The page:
Sunday, November 9, 2014

Boston Cream Muffins ...ok, ok ... cupcakes


Big Y supermarket has a great muffin section -- big ol' bran muffins, chocolate chocolate-chip muffins, and ... wait for it ... Boston Cream Muffins. Big, giant, Boston Cream Muffins. They're hard to resist. But my wallet and my wastline need me to resist them. So we're implementing the very useful "Make it Yourself" rule -- if you make the food yourself, you will naturally eat more "real" food and portion-control the "not food", because "not food" is super annoying to make yourself. E.g. Apples are real food, and are really easy to "make" -- just pick them up and eat them. Home-made oreos, on the other hand, are kind of a pain to make -- the cookie dough, you gotta cut or roll the cookies really small, bake them and don't burn them, mix the filling, spread the filling, etc. Not hard, it just takes a long time. And while home-made oreos are technically "real food", since they're made with real ingredients, they're not all that good for you. But they're such a pain to make, I'm not going to make them very often. Hence, built-in portion control.

Cue Boston Cream Muffins. Now a quick internet search informed me that there is no such thing as a boston cream muffin, that they are actually cupcakes. And I'll admit, my rule is usually No Frosting = muffin, Frosting = cupcake. So the chocolate topping makes these cupcakes -- fine.

After that, the internet was super disappointing. All the recipes (except Martha) called for Cake Mix from a box, and Instant Vanilla Pudding. If I wanted this to be easy ... I would just buy the muffin from Big Y. So we did some mixing-and-matching.

Cupcakes, from Sally's Baking Addiction

Vanilla Cream Filling, from Martha Stewart

Chocolate Ganache, from Food Network

Side-Note -- since Daylight Savings Time ended last week, any sort of afternoon cooking is now done in the dark. Please excuse the bad lighting.

Vanilla Cream
You may end up needing more than these original measurements (see Finishing below), probably doubled for a 24-cupcake batch.

2 large egg yolks
1/4 cup sugar
2 tablespoons plus 1/2 teaspoon cornstarch
Pinch of salt
1 cup whole milk
1/2 teaspoon pure vanilla extract

Boston Creme Cupcakes (1)

Separate eggs, and set aside whites (yummy breakfast for tomorrow!). Whisk yolks until smooth.

Boston Creme Cupcakes (2)

Mix sugar, cornstarch, and salt in a medium saucepan over medium heat. Add milk in a slow, steady stream. Cook, stirring, until mixture begins to bubble and thicken, about 5 minutes.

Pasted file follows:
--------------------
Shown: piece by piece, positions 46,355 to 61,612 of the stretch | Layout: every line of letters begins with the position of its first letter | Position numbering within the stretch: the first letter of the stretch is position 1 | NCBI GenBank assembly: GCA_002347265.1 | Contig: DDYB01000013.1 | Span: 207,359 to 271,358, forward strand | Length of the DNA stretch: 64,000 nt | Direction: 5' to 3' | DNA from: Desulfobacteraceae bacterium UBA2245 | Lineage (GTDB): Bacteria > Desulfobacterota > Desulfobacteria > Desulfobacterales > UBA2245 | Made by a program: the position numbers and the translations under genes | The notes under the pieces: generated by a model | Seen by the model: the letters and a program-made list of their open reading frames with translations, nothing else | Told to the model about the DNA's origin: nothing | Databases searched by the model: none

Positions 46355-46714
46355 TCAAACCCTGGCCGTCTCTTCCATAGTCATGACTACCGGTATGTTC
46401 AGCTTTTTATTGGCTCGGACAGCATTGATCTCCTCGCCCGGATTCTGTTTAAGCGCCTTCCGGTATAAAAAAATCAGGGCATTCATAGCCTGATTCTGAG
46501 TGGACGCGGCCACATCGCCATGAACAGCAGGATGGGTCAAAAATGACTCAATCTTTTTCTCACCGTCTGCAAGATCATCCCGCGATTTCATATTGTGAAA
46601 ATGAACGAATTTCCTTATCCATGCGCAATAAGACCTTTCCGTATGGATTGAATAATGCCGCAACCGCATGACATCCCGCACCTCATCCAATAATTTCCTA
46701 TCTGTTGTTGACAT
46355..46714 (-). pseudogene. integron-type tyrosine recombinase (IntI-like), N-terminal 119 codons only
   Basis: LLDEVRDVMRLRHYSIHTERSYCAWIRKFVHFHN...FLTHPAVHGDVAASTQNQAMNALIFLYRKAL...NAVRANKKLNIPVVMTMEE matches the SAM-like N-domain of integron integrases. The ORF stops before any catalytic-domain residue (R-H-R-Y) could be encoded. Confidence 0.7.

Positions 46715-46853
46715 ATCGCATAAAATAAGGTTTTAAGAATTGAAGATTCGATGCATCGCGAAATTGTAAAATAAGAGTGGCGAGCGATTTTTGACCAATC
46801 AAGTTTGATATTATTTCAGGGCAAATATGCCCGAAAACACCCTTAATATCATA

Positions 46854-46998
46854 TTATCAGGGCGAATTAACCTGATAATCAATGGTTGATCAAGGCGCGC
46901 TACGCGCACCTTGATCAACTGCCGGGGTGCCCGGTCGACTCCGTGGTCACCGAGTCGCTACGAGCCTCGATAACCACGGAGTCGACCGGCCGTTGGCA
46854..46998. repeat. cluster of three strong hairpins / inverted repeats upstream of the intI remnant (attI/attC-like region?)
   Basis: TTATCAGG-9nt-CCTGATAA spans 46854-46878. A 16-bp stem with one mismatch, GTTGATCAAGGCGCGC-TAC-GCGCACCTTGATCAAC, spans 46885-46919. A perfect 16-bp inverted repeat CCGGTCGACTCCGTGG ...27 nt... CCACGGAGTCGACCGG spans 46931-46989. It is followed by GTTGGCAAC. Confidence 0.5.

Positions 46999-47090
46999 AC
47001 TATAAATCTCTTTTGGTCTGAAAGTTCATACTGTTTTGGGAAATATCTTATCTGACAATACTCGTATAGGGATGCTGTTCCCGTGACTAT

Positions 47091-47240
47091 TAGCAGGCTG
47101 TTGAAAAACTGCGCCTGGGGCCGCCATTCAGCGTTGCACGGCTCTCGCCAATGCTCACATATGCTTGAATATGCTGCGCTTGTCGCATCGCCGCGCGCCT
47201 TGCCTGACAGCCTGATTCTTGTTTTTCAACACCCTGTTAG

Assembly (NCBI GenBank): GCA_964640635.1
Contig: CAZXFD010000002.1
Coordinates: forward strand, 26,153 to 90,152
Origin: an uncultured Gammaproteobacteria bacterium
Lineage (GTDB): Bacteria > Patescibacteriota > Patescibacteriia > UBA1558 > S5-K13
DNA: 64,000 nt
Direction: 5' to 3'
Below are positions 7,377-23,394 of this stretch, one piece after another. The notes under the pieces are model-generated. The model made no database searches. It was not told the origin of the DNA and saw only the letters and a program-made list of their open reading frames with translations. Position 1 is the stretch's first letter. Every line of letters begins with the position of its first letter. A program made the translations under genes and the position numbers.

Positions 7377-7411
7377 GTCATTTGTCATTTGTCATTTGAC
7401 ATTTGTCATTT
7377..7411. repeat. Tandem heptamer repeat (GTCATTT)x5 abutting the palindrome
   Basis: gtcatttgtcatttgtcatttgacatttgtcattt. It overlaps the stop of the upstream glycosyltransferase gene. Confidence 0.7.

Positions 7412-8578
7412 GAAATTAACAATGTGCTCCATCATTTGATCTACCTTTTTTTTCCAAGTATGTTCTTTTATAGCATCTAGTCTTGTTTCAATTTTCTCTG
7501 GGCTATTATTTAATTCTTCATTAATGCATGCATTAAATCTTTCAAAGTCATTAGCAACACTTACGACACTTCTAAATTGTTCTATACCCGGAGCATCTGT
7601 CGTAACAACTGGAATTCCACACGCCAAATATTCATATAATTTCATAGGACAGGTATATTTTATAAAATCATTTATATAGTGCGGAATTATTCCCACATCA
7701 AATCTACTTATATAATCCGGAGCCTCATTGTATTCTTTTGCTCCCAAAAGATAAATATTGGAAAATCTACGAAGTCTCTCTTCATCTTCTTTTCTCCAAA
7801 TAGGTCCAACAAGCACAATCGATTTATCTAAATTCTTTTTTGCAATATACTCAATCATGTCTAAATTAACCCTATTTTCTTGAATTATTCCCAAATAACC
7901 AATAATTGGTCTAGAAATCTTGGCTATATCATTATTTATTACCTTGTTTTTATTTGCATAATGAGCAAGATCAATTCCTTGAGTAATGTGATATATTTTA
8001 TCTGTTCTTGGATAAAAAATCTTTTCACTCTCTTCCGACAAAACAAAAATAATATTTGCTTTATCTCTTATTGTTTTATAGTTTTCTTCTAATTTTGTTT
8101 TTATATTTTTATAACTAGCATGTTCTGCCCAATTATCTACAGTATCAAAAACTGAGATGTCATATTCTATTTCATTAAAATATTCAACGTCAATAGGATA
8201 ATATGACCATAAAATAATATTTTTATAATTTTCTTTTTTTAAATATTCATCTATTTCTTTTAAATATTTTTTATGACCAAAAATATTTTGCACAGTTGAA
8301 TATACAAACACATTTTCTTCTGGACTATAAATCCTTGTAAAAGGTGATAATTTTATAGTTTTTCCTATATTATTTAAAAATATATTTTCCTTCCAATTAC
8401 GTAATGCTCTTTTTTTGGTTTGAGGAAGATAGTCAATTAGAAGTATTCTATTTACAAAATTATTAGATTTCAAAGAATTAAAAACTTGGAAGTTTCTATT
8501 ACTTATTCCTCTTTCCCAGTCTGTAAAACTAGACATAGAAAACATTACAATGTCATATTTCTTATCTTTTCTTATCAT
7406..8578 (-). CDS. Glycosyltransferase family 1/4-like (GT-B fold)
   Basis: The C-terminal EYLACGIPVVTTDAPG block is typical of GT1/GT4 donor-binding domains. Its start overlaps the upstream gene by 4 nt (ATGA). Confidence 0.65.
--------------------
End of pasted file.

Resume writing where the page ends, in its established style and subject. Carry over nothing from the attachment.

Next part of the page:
Boston Creme Cupcakes (3)

Pour 1/3 of milk mixture into yolks, whisking constantly. Return mixture to saucepan, and cook over medium heat, stirring often, until thick, 2 to 4 minutes. Stir in vanilla.

Boston Creme Cupcakes (4)

I love cooking that turns into chemistry totally amazes me. And if high school chemistry had been this yummy, I probably would have done better.

Pass vanilla cream through a fine sieve into a bowl.

Boston Creme Cupcakes (6)

Press plastic wrap directly on surface. Refrigerate until cold, at least 1 hour, or up to 2 days.

Boston Creme Cupcakes (7)

These were yummy, but they did not come out of the silicone muffin cups easily. Also I reduced the recipe to make only 12 cupcakes, and the batter ended up making 19. So ... not sure what to tell you. These are original measurements, which the original author says makes 16. Maybe they're 16 really BIG cupcakes. I'd say this would make 24 normal-sized cupcakes, which means you'd probably need more cream-filling than the recipe above.

2  1/3 cups (292g) all-purpose flour
2 1/2 teaspoons baking powder
1/2 teaspoon salt
12 Tablespoons (180g) unsalted butter, softened too room temperature
1 3/4 cups (350g) granulated sugar
2 large eggs, room temperature and separated
3 teaspoons vanilla extract
1 cup (240ml) whole milk

Preheat oven to 350F degrees. Line a muffin pans with cupcake liners.

Whisk the flour, baking powder, and salt together in a medium bowl. Set aside.

Boston Creme Cupcakes (8)

Beat the butter on high speed until smooth and creamy - about 1 minute. Add the sugar and beat on high speed for 3-4 minutes until creamed together fairly well.

Boston Creme Cupcakes (9)

Separate eggs. Add yolks and the vanilla to butter mixture. Beat on medium-high speed until combined.

With the mixer on low speed, add the flour mixture and milk (alternate adding flour and adding milk 3 times).

Boston Creme Cupcakes (10)

Whisk or beat the egg whites until thick and foamy, about 3 minutes. Fold into cupcake batter.

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Spoon batter into cupcake liners filling 1/2 - 2/3 of the way full. Bake for 18-21 minutes or until a toothpick inserted in the center comes out clean. Allow to cool in the pan for 5 minutes, then transfer to a rack to cool completely.

Boston Creme Cupcakes (12)

Chocolate Ganache
These are the original amounts, which made WAY too much ganache for 19 cupcakes. I'd cut this in half for a normal 24-cupcake batch.

1 cup heavy cream
1 (12-ounce) package semisweet chocolate morsels

Heat cream in a small heavy saucepan over medium heat until bubbles appear around the edges.

Boston Creme Cupcakes (18)

Remove from heat, add chocolate morsels to pan, and whisk until smooth.

Boston Creme Cupcakes (19)